Original Investigation
Health Care Reform
January 2016

Association of Off-label Drug Use and Adverse Drug Events in an Adult Population

Author Affiliations
  • 1Department of Epidemiology, Biostatistics, and Occupational Health, McGill University, Montreal, Quebec, Canada
  • 2Department of Medicine, McGill University, Montreal, Quebec, Canada
  • 3Division of General Medicine and Primary Care, Brigham and Women’s Hospital, Harvard Medical School, Boston, Massachusetts
  • 4Department of Social and Administrative Pharmacy, Schoool of Pharmacy, MCPHS University, Boston, Massachusetts
  • 5Department of Mathematics and Statistics, McGill University, Montreal, Quebec, Canada

Copyright 2016 American Medical Association. All Rights Reserved. Applicable FARS/DFARS Restrictions Apply to Government Use.

JAMA Intern Med. 2016;176(1):55-63. doi:10.1001/jamainternmed.2015.6058

Importance  Off-label use of prescription drugs has been identified as an important contributor to preventable adverse drug events (ADEs) in children. Despite concerns regarding adverse outcomes, to date, no systematic investigation of the effects of off-label drug use in adult populations has been performed.

Objective  To monitor and evaluate off-label use of prescription drugs and its effect on ADEs in an adult population.

Design, Setting, and Participants  A cohort of 46 021 patients who received 151 305 incident prescribed drugs was assembled from primary care clinics in Quebec, Canada, using the Medical Office of the XXIst Century electronic health record, which supports documentation of treatment indications and treatment outcomes. Prescriptions dispensed from January 1, 2005, through December 30, 2009, were followed up from the date of the prescription to the date the drug use was discontinued, the end of treatment, or the end of follow-up (December 30, 2010). Data were analyzed from January 5, 2012, to March 15, 2015.

Exposures  Off-label prescription drug use with and without strong scientific evidence.

Main Outcomes and Measures  Adverse drug events in off-label use with and without strong scientific evidence. Analysis used multivariate marginal Cox proportional hazards regression for clustered data with the drug as the unit of analysis.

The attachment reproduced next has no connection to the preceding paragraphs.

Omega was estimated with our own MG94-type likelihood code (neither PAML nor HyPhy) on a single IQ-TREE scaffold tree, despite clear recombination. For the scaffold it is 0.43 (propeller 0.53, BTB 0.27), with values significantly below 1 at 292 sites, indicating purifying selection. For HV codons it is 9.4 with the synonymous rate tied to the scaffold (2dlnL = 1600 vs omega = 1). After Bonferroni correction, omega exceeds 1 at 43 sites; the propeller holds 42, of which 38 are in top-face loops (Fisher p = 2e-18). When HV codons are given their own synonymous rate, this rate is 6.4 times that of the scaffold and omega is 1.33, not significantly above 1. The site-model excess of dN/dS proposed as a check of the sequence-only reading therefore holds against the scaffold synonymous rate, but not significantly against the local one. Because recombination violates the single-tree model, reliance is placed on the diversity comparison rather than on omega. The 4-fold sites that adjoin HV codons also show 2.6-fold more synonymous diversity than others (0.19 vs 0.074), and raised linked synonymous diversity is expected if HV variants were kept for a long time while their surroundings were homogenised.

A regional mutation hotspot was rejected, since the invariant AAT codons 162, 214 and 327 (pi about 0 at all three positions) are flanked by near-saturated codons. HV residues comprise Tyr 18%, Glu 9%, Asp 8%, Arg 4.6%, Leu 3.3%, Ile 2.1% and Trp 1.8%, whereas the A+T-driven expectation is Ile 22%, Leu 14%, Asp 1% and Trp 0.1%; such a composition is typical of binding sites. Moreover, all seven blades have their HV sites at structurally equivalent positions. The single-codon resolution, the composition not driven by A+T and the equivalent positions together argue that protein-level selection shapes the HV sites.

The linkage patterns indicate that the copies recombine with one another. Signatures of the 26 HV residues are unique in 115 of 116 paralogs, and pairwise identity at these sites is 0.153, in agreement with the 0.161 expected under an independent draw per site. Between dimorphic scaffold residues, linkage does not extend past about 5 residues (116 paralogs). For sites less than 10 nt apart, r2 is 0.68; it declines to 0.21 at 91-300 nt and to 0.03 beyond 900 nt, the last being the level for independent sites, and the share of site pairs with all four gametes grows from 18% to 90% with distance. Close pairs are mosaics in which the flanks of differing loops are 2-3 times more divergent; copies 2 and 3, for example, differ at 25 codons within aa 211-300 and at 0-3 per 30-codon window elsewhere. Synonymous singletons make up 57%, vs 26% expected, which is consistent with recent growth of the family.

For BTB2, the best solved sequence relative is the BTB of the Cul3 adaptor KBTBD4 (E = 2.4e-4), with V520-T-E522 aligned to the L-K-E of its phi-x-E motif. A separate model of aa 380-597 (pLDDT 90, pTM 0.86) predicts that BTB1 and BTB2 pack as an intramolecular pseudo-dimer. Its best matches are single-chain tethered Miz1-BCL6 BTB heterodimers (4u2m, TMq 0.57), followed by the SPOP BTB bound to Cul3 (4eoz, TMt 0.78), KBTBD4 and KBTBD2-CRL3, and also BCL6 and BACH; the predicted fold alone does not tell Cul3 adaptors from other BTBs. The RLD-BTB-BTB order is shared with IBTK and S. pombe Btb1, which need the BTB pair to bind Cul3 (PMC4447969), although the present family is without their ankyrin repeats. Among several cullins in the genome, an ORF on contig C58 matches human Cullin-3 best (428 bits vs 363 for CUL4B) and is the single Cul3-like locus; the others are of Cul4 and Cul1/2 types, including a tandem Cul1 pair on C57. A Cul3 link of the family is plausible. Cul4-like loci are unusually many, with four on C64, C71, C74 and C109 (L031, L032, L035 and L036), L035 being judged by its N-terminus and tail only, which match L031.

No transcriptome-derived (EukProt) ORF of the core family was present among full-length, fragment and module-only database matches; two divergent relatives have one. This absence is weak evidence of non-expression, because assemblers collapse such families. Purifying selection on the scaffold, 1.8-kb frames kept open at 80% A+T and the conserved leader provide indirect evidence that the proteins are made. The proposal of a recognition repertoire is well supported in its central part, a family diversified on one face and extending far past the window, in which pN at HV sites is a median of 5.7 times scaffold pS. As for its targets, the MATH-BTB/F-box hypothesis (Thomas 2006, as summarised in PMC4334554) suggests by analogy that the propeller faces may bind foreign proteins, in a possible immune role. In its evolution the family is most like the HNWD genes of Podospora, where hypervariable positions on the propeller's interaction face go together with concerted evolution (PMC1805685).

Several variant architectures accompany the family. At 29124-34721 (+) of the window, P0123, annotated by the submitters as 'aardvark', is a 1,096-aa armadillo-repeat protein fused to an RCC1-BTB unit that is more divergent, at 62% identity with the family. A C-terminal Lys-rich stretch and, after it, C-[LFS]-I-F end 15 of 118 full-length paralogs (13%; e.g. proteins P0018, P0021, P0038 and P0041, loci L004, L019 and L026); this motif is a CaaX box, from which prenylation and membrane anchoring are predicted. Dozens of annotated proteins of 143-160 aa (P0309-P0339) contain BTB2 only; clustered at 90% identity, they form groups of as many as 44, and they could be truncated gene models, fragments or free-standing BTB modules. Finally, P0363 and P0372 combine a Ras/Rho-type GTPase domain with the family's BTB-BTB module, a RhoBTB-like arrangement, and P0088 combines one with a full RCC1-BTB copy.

Results  A total of 3484 ADEs were found in the 46 021 study patients, with an incidence rate of 13.2 per 10 000 person-months. The rate of ADEs for off-label use (19.7 per 10 000 person-months) was higher than that for on-label use (12.5 per 10 000 person-months) (adjusted hazard ratio [AHR], 1.44; 95% CI, 1.30-1.60). Off-label use lacking strong scientific evidence had a higher ADE rate (21.7 per 10 000 person-months) compared with on-label use (AHR, 1.54; 95% CI, 1.37-1.72). However, off-label use with strong scientific evidence had the same risk for ADEs as on-label use (AHR, 1.10; 95% CI, 0.88-1.38). The risks for ADEs were higher for drugs approved from 1981 to 1995 (14.4 per 10 000 person-months; AHR, 1.62; 95% CI, 1.45-1.80) and for those used by women (14.3 per 10 000 person-months; AHR, 1.17; 95% CI, 1.06-1.28), patients receiving 5 to 7 drugs (12.1 per 10 000 person-months; AHR, 3.23; 95% CI, 2.66-3.92), and patients receiving cardiovascular drugs (15.9 per 10 000 person-months; AHR, 3.30; 95% CI, 2.67-4.08) and anti-infectives (66.2 per 10 000 person-months; AHR, 6.33; 95% CI, 4.58-8.76). Patients with a 1-unit increase in the continuity of care index had a 19% increase in ADEs (AHR, 1.19; 95% CI, 1.12-1.26).

Conclusions and Relevance  Off-label use of prescription drugs is associated with ADEs. Caution should be exercised in prescribing drugs for off-label uses that lack strong scientific evidence. Future electronic health records should be designed to enable postmarket surveillance of treatment indications and treatment outcomes to monitor the safety of on- and off-label uses of drugs.